Top leaders of the Illinois Republican Party sought to reverse damage on Sunday after posting a movie-style poster on Facebook that depicted four progressive congresswomen who have been repeatedly attacked by President Donald Trump in recent days as “The Jihad Squad.”
The poster, whose image was reportedly uploaded to the Facebook account of the Republican County Chairmen’s Association of Illinois on Friday night, displayed images of the four newly elected congresswomen of color — Democratic Reps. Alexandria Ocasio-Cortez of New York, Rashida Tlaib of Michigan, Ilhan Omar of Minnesota and Ayanna Pressley of Massachusetts — who are often nicknamed “The Squad.” It showed the lawmakers in film-style action poses with a smiling Pressley aiming a gun and Ocasio-Cortez donning a red evening dress that was on fire. Omar is seen pursing her lips and Tlaib is screaming.
“Political Jihad is their game,” the poster read. “If you don’t agree with their socialist ideology, you’re racist.”
The post also displayed the logo of the Republican County Chairmen’s Association.
This is on the Illinois Republican County Chairmen’s Association’s Facebook site: pic.twitter.com/0qzKsiRzzq
— Rick Pearson (@rap30) July 21, 2019
In a follow-up post shared to Facebook Sunday night, the organization’s president, Mark Shaw, chairman of the Lake County Republican Central Committee, said the image’s posting was “not authorized by me” and that he was “sorry if anyone who saw the image was offended by its contents.” He did not apologize outright for the image.
Shaw then explained that the group has a “multi-stage, approval process for all social media posts on any of the RCCA’s social media properties.” That process, he said, is being “reevaluated.”
He said the post had been deleted and went on to lament that it was “unfortunate distraction from the serious debate surrounding the policies advocated by these four socialist members of the United States House of Representatives of which I strongly disagree.”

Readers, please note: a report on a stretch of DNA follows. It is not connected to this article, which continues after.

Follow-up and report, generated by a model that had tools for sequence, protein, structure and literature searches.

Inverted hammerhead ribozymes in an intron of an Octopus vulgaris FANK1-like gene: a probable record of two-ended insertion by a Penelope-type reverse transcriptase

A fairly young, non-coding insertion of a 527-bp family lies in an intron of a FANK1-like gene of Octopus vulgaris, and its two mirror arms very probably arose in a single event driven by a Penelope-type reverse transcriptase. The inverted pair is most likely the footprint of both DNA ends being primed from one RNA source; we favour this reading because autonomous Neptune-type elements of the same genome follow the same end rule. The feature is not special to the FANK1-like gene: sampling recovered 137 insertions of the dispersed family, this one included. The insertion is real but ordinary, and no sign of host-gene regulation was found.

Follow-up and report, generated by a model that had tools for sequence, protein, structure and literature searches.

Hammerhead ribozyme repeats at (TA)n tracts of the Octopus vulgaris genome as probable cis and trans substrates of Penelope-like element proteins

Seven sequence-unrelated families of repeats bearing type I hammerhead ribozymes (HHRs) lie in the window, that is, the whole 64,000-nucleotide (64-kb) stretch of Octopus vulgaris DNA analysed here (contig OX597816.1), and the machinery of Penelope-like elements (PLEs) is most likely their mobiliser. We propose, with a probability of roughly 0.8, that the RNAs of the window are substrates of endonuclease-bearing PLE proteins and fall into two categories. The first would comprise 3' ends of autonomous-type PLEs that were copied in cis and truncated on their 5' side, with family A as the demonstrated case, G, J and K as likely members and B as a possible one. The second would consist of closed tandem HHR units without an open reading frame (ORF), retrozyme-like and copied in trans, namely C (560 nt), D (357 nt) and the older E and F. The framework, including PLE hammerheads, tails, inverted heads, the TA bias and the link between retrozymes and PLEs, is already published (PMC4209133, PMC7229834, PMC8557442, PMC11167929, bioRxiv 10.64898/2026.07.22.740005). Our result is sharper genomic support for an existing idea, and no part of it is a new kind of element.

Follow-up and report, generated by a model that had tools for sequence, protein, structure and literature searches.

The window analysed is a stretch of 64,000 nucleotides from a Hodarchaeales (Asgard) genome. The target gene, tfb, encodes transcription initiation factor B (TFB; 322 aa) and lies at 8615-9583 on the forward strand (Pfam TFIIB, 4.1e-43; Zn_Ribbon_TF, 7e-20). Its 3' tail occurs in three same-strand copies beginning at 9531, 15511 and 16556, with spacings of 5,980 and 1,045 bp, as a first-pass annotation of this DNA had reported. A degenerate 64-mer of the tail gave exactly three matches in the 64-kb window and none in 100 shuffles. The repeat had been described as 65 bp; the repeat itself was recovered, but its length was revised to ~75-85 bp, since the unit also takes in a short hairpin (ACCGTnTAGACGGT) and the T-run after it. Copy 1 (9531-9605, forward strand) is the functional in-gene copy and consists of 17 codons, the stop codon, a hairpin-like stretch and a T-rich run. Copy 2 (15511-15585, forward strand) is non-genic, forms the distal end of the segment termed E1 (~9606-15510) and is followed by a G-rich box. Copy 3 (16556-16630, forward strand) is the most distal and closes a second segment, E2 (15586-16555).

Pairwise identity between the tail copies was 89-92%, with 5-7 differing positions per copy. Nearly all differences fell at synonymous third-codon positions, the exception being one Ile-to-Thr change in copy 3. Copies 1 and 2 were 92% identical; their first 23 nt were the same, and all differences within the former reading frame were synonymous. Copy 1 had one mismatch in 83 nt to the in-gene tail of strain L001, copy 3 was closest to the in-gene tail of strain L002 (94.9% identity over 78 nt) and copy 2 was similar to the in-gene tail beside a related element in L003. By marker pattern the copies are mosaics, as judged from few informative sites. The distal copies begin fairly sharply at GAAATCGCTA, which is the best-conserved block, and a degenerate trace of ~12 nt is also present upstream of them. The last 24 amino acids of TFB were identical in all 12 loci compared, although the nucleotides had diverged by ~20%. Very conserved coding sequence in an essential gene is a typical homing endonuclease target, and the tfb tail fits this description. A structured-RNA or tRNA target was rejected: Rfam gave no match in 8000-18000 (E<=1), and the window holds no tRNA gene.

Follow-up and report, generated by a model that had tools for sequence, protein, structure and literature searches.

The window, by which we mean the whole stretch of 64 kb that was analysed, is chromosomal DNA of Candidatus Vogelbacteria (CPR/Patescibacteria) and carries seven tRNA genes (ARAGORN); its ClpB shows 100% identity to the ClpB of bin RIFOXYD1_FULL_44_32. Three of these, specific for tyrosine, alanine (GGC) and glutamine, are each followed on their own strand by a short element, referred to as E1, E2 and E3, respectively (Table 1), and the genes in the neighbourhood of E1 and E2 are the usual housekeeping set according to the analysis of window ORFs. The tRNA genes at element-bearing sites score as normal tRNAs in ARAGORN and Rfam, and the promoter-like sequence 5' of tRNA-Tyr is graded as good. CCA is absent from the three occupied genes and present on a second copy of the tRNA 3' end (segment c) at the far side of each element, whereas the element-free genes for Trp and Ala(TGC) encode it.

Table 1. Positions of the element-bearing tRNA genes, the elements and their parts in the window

Shaw’s post came hours after a host of Illinois Republicans denounced the image.
“The recent social media post coming from the IRCCA does not reflect my values or the Illinois Republican Party’s values,” Tim Schneider, chairman of the Illinois Republican Party, said in a statement. “Bigoted rhetoric greatly distracts from legitimate and important policy debates and further divides our nation.”
Cook County Republican Party Chairman Sean Morrison said in a statement that he was “appalled” by the association’s recent post and their “use of hateful rhetoric.”
“There are civil ways to express political differences that do not involve going to racist extremes,” he said. “The Illinois Republican County Chairman’s Association’s post only serves to further the hateful divide within our country, when we should instead strive for an intelligent, civil and thoughtful discussion of the philosophical differences between Republicans and Democrats.”
The controversy comes as Trump has steadily escalated his incendiary criticism of the four high-profile lawmakers over the past week, since initially tweeting last week that the congresswomen should “go back and help fix the totally broken and crime infested places from which they came.”